Can someone who doesn’t even know how to read or write use a computer? Microsoft Corp. is probing that question at a research lab in India.
Microsoft seeking ways to help illiterate. That is promising.
And then this…
Working with a local advocacy group, Microsoft has developed a prototype of a system that would connect illiterate domestic workers in India with families seeking their services. The system uses pictures, video and voice commands to tell women what jobs are available, how much the jobs pay and where they are.
Read the full report.
I have mixed feelings about this one, most of them not so good. I am very excited about the possibilities that such systems could open up – bringing those with less access (illiterate or otherwise) closer to information in some way. echoupal does that now (although that is not a project aimed at the illiterate).
Here are some of my reasons for the not-so-good feelings :
Willingness to learn
The fantastic hole-in-the-wall experiment has shown that it is indeed possible for someone who does not know how to read or write to use a computer. But they in this experiment are children, they are naturally curious about the world around them, they are willing to experiment and to make fools of themselves in the process.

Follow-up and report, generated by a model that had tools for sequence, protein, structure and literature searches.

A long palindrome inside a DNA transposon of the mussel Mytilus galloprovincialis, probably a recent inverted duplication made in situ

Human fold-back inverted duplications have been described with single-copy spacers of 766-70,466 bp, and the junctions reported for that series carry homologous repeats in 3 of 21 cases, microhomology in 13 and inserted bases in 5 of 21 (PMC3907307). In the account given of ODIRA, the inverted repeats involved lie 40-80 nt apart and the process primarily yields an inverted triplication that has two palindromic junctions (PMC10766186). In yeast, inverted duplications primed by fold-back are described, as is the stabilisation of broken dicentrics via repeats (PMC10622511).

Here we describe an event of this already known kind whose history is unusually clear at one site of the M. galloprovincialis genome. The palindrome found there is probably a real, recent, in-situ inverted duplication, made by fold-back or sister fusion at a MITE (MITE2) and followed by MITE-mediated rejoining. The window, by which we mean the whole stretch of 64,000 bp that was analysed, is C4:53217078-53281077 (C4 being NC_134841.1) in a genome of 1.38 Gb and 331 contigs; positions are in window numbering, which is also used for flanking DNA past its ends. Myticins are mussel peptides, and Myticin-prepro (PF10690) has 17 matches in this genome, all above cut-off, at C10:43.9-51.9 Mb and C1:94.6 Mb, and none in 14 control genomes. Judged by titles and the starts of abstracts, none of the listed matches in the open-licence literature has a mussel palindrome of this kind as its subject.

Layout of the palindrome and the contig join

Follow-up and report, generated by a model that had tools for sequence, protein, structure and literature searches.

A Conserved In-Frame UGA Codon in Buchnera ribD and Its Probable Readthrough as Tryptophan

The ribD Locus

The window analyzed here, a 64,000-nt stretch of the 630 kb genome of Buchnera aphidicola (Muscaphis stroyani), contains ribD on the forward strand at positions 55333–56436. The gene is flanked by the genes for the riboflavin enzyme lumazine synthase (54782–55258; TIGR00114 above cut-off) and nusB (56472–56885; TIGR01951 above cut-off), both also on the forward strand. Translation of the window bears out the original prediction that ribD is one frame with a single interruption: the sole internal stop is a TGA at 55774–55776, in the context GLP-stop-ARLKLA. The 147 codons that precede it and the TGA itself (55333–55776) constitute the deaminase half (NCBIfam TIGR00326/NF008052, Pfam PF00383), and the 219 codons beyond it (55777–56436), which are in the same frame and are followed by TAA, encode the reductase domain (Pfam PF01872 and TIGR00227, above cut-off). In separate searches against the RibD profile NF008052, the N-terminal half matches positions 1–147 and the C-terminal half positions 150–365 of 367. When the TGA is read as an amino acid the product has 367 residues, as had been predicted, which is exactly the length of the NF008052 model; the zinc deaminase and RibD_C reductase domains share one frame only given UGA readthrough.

Human interaction v/s machine gobbledygook
But why domestic workers? In a country like India, the word-of-mouth system works best – I need a maid, I tell the watchman in my building, he tells others and the next morning three women are at the door-step. I do not have a fixed idea about how much I will pay for the job, not a series of tasks that I can put up on a computer.
Is there a need?
And in most places, there is a decent, well-balanced demand-supply system in place, unlike perhaps the larger employment market. Given that, I do not understand why either a potential employer or employee will need to or want to use such a system.
What is the benefit?
echoupal benefits the farmer by eliminating the middleman, the farmer has updated knowledge about prices and market trends and makes beter money for his produce. In case of domestic workers, there are no middlepeople(?)
Where does the twain meet?
The researchers say they are now trying to figure out how to implement the system, since most women who do domestic work don’t own computers. One option is to put up a kiosk in a community center, Toyama said. Er, most women, meaning some of them do? And what about those wishing to employ them – do they all own computers? If not, do they also go to a kiosk? How does communication work if both sender-receiver are not on a shared platform – any kind of platform?
I think the concept is interesting and powerful, but fraught with all the questions and that leapfroggers tend to evoke in those watching. As a confimed leapfrogger-cheerer, I’d be very happy to read somewhere the answers to these questions. In the meanwhile, here is a blasphemous suggestion – can time at Microsoft research be perhaps put to better use?